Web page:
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File structure read failures

What is a file structure?

Each file type is made up of a set of structures which follow a strict specification. If a file does not conform to a specification meeting the minimum rules outlined, this could result in file structure read failures. There are many circumstances which I have come across when some file types do not have a clearly defined, up to date specification, which can be found online. Therefore, it can be very easy to miss type definitions, structures and rules. This can have serious negative implications upon the file being read. I will provide a real-life example which I encountered with an MP4 file structure below.

Case study: ‘EditListBox’ structure problem while reading MP4 files:

I was working on a program that reads MP4 files. The program uses a MP4 definition class I have created and compares the file structure against the file being read at run-time. I was investigating an issue where half of the MP4 files I would try to read in code would fail. The failure was not clear to me because after extensively reading from various sources of MP4 specifications, it seemed as though I had defined all the necessary structures required for a file of type MP4. Moving forward, I managed to crack down where the failure was occurring and what the reason for the error was — bits were being shifted right, which was messing up the entire read operation on the file. A right shift of bits means that the bits are being knocked forward by zeros. The reason was because two types — ‘media_rate_fraction’ and ‘media_rate_integer’, were defined as global types to the ‘EditListBox’ structure. To solve the issue, I had to move the definitions of the above two types to the children structures of ‘EditListBox’. Lesson learnt — always ensure that any file structures you define include all types it supports… In the correct structure class!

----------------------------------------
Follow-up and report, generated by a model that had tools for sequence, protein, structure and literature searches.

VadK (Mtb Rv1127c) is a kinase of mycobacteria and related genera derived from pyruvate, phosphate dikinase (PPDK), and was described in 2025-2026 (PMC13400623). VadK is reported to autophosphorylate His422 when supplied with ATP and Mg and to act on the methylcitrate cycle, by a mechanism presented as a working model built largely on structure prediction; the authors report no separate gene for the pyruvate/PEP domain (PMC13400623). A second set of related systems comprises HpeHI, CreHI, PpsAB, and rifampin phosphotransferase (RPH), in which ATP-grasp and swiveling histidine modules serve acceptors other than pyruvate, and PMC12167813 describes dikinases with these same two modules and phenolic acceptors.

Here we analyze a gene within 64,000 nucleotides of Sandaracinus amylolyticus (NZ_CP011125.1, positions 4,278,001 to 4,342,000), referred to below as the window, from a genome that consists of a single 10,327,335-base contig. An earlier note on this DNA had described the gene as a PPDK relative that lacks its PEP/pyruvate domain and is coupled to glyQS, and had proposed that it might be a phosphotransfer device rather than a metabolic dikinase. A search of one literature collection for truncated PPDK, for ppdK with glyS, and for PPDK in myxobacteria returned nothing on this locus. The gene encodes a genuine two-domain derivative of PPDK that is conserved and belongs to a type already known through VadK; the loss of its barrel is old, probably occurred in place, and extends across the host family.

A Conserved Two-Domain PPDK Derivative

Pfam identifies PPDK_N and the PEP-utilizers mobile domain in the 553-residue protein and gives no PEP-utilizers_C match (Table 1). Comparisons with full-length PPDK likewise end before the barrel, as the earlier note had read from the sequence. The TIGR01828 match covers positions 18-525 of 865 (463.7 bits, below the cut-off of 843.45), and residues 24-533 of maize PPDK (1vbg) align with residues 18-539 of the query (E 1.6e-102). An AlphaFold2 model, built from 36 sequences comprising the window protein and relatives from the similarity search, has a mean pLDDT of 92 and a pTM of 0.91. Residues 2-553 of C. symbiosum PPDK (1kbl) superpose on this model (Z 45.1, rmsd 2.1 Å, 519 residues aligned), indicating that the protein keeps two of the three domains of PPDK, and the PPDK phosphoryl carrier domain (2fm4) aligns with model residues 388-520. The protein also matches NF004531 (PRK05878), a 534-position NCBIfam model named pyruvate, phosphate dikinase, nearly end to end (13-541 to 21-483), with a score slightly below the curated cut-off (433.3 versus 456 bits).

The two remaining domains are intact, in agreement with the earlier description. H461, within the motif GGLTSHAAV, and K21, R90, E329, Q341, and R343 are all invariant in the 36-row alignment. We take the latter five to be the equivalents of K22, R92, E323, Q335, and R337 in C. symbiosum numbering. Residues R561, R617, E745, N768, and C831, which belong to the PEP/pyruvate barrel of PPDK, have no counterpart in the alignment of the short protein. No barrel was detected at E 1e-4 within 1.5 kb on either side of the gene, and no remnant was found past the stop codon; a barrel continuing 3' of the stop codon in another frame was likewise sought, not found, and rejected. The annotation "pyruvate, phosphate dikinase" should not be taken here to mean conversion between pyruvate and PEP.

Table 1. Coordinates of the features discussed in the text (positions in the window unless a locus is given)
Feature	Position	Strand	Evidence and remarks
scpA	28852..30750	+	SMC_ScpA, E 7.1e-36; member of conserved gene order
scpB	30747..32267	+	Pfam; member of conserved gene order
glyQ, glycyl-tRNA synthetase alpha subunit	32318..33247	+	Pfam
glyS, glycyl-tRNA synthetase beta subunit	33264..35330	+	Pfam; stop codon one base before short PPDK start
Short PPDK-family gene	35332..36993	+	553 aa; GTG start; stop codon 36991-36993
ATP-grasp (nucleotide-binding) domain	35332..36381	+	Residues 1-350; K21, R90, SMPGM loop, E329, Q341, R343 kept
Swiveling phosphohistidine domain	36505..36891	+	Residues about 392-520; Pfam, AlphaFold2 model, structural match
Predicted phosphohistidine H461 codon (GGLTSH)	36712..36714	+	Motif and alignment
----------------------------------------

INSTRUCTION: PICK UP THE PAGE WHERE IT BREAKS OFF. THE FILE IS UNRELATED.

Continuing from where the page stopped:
Key reasons why file structure reads may fail:

  • Incorrect structures defined — Structures must be defined to specification. If you try to create structures with your own names/types/definitions, without complying with specification, you will find that your file will fail to read.
  • Structures are defined correctly, but not being called in the correct order — You may have created a definition document by specification, but it is very important in the order that the structures you define get read. You need to make sure that all structures get read in order by specification which define a file, from top to bottom.
  • Incorrect defined structure types — It is very important to define the types in your structures according to specification. This is a very important point to make because the difference between defining an unassigned int32 and defining an unassigned int32 in big endian can make a massive difference to if the file gets read in a valid way or not. Therefore, be careful to make sure that you follow the specifications thoroughly.
  • Ensure you have valid structural rules when reading files — Make sure that you have defined rules according to specification. This is important to ensure that structures get read only when conditions are met. If you fail to include necessary rules, your structures will be read and assigned in wrong places in the document which will result in the file being rendered invalid.

Check out Elecard Video Format Analyzer — a tool that is free and I found very useful for displaying video format structures (including MP4) as a tree.

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Become a Techie

Become a Techie

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